He also believes that in years to come, leading food manufacturers will innovate their butter product ranges and formulation to meet all consumer needs, from premium through to affordable options.
BO Butter is a self-help organization of the butter industry and milk producers. Director of the organization for BO Butter GmbH, Peter Ryser, also spoke with FoodIngredientsFirst about the trends the organization is monitoring.
“The Swiss butter market reacts differently to the EU butter market. Sales volumes have been very stable in recent years. In recent years, around 44,500 tons of butter, plus/minus 500 tons, has been sold in Switzerland. In recent years, we have seen different developments that have or will affect butter consumption in the future.”
More and more butter is consumed outside the home, which means that butter is increasingly used and sold in processed products, according to Ryser. “Thus, more butter can be sold to the industry. However, the industry is very price sensitive, where vegetable fat can be used, as it is much cheaper, therefore, sales to the industry have increased only slightly.”
The Swiss consumer is a critical consumer and also willing to pay a little more if he can buy healthy, fresh, local or sustainable products.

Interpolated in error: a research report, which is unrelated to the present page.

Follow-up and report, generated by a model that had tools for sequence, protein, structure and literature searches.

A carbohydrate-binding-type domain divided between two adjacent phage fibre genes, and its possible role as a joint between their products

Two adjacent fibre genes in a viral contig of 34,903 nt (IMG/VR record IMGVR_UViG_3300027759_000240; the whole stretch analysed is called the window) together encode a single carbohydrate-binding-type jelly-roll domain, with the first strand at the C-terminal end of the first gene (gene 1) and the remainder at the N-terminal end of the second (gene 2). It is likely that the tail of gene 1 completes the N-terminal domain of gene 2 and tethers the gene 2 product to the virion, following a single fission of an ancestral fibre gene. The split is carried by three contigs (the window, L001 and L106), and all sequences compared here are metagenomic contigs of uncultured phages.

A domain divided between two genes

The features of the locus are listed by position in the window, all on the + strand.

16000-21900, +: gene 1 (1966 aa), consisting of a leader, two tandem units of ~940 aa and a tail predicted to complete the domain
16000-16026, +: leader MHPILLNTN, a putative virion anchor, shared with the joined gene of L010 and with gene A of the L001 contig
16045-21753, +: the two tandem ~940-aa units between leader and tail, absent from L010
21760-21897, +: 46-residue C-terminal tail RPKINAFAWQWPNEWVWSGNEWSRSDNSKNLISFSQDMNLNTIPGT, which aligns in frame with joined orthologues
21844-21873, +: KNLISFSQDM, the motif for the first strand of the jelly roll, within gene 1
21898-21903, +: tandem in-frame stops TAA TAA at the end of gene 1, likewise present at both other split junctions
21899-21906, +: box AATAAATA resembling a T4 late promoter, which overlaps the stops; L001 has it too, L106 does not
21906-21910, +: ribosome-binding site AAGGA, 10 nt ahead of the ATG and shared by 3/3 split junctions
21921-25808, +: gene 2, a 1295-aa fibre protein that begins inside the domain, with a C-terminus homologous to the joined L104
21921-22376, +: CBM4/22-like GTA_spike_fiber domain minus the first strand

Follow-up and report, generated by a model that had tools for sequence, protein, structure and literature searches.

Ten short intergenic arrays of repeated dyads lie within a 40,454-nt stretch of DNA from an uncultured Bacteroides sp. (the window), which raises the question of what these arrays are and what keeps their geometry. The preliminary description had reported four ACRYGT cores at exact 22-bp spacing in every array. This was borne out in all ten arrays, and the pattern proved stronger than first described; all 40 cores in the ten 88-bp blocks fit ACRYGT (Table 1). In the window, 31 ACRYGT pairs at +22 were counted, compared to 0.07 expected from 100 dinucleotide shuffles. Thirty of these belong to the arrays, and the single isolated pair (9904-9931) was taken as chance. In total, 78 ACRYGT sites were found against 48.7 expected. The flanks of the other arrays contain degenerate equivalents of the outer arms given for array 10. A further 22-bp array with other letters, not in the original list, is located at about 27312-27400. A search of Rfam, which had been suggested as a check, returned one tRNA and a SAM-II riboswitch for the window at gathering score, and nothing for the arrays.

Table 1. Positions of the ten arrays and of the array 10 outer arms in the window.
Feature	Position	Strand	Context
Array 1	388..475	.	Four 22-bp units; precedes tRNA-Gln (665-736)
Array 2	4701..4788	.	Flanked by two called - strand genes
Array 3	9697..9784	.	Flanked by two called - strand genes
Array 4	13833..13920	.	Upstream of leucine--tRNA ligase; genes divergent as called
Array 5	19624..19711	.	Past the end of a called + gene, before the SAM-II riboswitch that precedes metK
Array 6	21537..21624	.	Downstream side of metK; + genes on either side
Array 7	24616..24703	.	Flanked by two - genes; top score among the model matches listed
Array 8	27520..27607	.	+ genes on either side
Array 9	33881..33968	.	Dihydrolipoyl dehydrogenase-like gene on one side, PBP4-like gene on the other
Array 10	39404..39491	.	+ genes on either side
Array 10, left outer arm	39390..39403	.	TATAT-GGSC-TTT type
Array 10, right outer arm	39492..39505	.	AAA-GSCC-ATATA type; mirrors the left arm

Ryser believes that these trends “overlap” and lead to the fact that less butter is consumed in Switzerland, but not more.
Recently, the palm fat came heavily in the criticism. “So far, this has not led to an increase in sales of butter in Switzerland,” notes Ryser. “The vegetable fats are mainly processed in industrial products. Since the vegetable fats are much cheaper, the industrial processors will try to replace the palm fat with other vegetable fats. Nevertheless, we hope that the consumer continues to critically question the products and that there are still industrial processors who will switch to butter, which will allow more butter to be sold in Switzerland,” he explains.
A resurgence of butter in Asia
In Asia, disposable income is increasing, and consumers are looking for more premium food options. According to Fonterra, consumers are willing to pay 15 percent more for bakery products made with butter compared to margarine. In Southeast Asia, the trends and needs for natural butter are present, showing itself very apparently despite the fact that market is still developing.
FoodIngredientsFirst spoke to Fonterra’s Regional Foodservice Director Stanley Goh who noted that Fonterra sees their customers making a move away from synthetic ingredients and substitutes such as margarine in applications that typically use butter. And one sector which is taking shape is the bakery sector.
Click to EnlargeHe says: “Bakery is a channel that has moved more towards butter, and not just for the application of croissants, but for cakes, buns, and other pastries, so the bakery sector as a channel is gaining most from this movement.”